Ruth Rosenholtz is a Principal Research Scientist in MIT's Department of Brain and Cognitive Sciences, and a member of CSAIL. She joined MIT in 2003 after 7 years at the Palo Alto Research Center (formerly Xerox PARC). She has a B.S. in Engineering from Swarthmore College, and a Ph.D. from UC Berkeley in EECS. She brings her background in electrical engineering, specifically computer vision, to the study of human vision, including visual search, perceptual organization, visual clutter, and peripheral vision. Her work focuses on developing predictive computational models of visual processing.
Human beings experience a rich visual percept. However, we often perform poorly when probed on the details of that percept, suggesting that vision is impoverished. Many such failures of vision have been interpreted in terms of limited capacity: our visual system cannot process everything with full fidelity, nor, in a given moment, perform all possible visual tasks. Rather, it must lose some information, and prioritize some tasks over others. But how, then, does real-world vision work as well as it does?
Currently my lab is interested in two important pieces of this puzzle. First, peripheral vision efficiently encodes its inputs using a scheme that preserves a great deal of useful information, while losing the information necessary to perform certain tasks used to probe the details of visual experience. We have developed the state-of-the-art model of peripheral encoding, and to date have tested this model on over 70 visual tasks. Because behavioral studies have often confounded peripheral vision with visual attention, our new understanding of peripheral vision necessitates rethinking what we know about attention from the ground up. Second, many tasks used to demonstrate impoverished vision are arguably inherently difficult; poor performance on these tasks may indicate general-purpose limits on the complexity of the tasks one can perform at a given moment. It seems promising that together these two components can make sense of a wide variety of phenomena, including vision’s marvelous successes, its quirky failures, and our rich percept of the visual world.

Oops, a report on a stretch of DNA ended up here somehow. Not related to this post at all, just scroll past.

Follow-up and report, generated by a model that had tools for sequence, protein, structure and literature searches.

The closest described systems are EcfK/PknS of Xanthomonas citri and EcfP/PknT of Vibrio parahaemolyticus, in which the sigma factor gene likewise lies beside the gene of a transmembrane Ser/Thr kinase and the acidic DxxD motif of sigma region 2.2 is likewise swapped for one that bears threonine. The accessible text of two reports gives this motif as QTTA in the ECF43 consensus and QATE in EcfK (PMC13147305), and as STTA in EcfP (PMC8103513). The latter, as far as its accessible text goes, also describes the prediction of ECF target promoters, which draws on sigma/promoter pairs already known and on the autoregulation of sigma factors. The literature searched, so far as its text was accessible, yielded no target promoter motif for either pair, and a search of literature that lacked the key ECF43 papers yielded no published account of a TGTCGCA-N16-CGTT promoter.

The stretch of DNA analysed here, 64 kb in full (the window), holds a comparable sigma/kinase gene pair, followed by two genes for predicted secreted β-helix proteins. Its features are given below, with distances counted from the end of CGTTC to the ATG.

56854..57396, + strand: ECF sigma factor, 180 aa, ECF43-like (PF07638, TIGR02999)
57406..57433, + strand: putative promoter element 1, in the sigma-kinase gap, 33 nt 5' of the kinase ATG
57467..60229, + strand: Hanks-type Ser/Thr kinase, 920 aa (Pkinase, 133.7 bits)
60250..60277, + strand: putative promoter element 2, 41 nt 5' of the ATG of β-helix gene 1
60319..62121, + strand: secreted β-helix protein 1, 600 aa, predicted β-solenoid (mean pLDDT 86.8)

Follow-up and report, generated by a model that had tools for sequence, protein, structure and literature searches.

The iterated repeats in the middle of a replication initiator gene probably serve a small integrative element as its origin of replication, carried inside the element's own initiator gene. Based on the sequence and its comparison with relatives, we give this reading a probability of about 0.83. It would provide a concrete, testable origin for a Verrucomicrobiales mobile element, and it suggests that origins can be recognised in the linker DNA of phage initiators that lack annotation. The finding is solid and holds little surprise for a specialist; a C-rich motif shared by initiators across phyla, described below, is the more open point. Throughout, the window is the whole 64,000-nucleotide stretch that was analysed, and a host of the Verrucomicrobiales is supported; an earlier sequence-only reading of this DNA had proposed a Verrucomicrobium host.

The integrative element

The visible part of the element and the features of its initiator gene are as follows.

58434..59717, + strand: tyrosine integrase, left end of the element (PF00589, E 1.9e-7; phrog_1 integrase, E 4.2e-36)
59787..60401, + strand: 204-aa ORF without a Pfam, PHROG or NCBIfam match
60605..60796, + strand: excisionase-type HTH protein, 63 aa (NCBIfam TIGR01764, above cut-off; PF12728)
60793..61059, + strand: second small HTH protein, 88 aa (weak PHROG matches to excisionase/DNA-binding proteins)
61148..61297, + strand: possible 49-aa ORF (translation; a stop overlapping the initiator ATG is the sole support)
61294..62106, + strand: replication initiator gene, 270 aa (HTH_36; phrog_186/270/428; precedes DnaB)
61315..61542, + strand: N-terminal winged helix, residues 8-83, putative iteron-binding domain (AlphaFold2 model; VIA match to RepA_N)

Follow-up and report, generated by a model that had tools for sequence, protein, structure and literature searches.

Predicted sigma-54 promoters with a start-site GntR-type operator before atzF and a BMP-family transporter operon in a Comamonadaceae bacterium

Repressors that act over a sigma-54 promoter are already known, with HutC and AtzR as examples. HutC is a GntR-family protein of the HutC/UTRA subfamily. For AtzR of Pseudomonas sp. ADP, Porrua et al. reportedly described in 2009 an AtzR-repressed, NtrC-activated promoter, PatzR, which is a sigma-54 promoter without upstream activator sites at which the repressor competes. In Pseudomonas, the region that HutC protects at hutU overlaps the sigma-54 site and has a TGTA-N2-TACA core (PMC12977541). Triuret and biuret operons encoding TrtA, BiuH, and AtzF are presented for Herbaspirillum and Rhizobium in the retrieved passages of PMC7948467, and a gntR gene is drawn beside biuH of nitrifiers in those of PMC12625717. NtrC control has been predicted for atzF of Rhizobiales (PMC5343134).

Past work in the lab includes study of perceptual organization, cues to shape perception, a measure of the "clutter" of a display, visual saliency, and visual search.